The WSJ and New York Times have forced my hand. The MSM still has such a painfully miserable grasp of blogs, bloggers, the blogosphere I’m suffering second-hand embarrassment just reading their drivel.
This is some high-level stuff, ignoring for a moment the blog-specific failures and other particular shortcomings from the WSJ and the NYT pieces, so bear with me.
What’s the difference between what someone like Felix Salmon does for Reuters and what someone like Gretchen Morgenson does for the New York Times? (And no, the answer is not “the former knows what he is talking about, while the latter spews-forth nonsense and ignorance,” although that’s an observation with which I’d generally agree.) More generally, I’m curious, what makes a blog a blog (and a blogger a blogger)? Is it the back-end, i.e. a website the content of which is published with WordPress or Typepad? Is it the content itself, the site layout, the writers, or the editorial standards? Is it association with MSM or a pre-existing other media?
I believe the answer to all of these questions is a solid “no;” as far as I can tell, the only thing that differentiates a “blog” (already a vague term in the common vernacular) from an “online magazine” or general “website” is that either the proprietors and/or the general public simply call one a blog and one something else. That it. For example, why is Naked Capitalism a “blog” instead of “the website of Yves Smith?” Is The Atlantic’s Business section of the website a blog? Why (or why not)? Both host several daily posts (or articles, whatever) from a number of (mostly regular) contributors, allow readers to leave comments, etc. Naked Capitalism is powered by Blogger; The Atlantic uses Movable Type.
What I hope you’re starting to realize by now is that the term “blog” (and its derivatives) has became wayyyy too pervasive, to the point that I believe its entirely misused, if not abused with startling regularity. Why, though? We’ve established that neither the site layout nor the back-end publishing system determines whether a particular site is a blog or not, so then it must have something to do with the content and/or the author(s), right? Ok, then tell me how is it that Gretchen is a “columnist” and an “editor” but Felix is referred-to as a far less prestigious sounding “blogger?” Contrary to the claims of some other observers, I think this difference is far more than simply cosmetic; except for the few of us “in the know,” I’m fairly certain the average person thinks Gretchen much more credible than Felix, at least based purely on title alone. This, sense does not make. Judging purely from the content these two create, Felix deserves far more respect than Gretchen, as his posts are not only more frequent, but significantly more technical and nuanced than the predictable, dumbed-down, anti-capitalist rhetoric we get from her.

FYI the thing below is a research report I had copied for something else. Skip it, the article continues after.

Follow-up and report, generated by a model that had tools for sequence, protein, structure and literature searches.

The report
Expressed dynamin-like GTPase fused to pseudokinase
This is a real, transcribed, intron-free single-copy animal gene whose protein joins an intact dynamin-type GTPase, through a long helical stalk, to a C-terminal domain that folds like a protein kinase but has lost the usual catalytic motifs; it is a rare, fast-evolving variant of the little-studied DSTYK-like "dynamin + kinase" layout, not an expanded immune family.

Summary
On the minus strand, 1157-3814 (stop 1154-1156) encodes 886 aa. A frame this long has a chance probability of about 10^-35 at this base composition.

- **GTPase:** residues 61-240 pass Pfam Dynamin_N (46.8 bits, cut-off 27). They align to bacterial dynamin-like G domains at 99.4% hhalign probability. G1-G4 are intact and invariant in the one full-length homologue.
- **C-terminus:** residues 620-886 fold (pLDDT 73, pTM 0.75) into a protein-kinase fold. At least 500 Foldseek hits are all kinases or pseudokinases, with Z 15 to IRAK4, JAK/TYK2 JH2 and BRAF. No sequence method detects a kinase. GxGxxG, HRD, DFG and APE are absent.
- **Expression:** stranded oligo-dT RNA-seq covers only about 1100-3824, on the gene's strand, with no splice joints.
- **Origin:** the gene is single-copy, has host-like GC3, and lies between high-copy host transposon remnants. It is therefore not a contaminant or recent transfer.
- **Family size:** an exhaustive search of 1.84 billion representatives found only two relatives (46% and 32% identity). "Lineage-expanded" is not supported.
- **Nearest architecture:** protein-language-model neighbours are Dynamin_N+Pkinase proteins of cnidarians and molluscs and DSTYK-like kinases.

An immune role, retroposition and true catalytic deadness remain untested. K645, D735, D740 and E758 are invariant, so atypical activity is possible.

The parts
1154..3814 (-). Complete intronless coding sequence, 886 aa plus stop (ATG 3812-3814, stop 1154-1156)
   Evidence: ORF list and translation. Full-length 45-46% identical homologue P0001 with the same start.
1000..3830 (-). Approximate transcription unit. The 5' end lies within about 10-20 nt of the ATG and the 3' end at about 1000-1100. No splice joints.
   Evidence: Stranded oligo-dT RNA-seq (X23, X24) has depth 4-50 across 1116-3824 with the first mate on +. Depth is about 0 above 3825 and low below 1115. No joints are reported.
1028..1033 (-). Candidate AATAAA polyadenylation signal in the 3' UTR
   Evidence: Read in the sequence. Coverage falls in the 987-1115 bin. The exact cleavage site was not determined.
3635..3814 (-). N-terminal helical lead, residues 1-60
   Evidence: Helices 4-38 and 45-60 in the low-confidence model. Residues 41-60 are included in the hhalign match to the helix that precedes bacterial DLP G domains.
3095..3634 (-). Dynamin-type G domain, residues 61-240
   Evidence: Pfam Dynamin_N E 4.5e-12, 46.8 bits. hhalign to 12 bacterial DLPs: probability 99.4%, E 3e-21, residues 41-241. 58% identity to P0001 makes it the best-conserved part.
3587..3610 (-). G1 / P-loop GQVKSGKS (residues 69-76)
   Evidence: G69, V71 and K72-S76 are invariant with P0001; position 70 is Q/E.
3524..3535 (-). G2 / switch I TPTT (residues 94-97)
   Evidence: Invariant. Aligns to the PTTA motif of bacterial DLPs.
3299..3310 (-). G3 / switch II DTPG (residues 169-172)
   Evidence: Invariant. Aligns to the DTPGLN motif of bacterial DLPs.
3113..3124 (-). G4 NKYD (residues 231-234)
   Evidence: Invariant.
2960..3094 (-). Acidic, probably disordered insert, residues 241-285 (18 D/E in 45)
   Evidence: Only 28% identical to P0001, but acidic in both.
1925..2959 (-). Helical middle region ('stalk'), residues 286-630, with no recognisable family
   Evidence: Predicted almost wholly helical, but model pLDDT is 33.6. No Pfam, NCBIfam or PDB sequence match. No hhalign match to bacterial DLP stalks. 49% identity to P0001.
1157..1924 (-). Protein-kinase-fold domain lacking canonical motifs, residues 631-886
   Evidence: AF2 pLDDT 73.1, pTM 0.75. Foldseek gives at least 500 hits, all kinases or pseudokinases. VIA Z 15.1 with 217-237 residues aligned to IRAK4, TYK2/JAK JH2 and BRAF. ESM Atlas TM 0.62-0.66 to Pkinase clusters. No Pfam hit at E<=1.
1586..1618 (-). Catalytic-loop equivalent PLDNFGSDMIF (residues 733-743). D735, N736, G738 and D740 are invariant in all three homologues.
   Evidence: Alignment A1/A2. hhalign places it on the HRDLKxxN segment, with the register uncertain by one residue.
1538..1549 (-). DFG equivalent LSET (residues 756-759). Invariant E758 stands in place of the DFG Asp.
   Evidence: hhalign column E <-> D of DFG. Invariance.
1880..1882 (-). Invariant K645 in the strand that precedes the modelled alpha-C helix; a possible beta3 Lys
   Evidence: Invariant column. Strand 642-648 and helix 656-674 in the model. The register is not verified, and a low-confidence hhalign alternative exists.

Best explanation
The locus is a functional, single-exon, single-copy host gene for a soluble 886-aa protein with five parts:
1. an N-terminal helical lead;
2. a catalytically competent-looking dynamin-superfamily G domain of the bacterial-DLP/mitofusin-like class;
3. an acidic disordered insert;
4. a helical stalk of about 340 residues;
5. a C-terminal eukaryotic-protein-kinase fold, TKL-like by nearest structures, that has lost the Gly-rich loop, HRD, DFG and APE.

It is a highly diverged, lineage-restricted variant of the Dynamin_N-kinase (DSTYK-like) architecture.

Of course, not all “blogs” are created equal, but that’s the point; some websites are – or host – what I’ll refer to as “true blogs,” while others are effectively the same as MSM(-esque) websites. The latter often have several full-time contributors, support, and editorial staff. Think Gawker. The former are usually some sort of grossly un-professional hodge-podge of sporadically-created content covering seemingly random topics; think something like myrandomdisorganizedmessofawebsite.blogspot.com.
The point is that many websites that are commonly referred-to as “blogs” really aren’t. Likewise, the authors of said “blogs” should not be considered bloggers, but writers (or analysts, or whatever) and the content they create should be given the respect (and usually, the credibility) given to the works of other professional writers (or analysts, or whatever) of the same/similar caliber.
Its funny, while MSM completely fails to grasp this whole blog thing, their own websites continually devolve into them, for the better.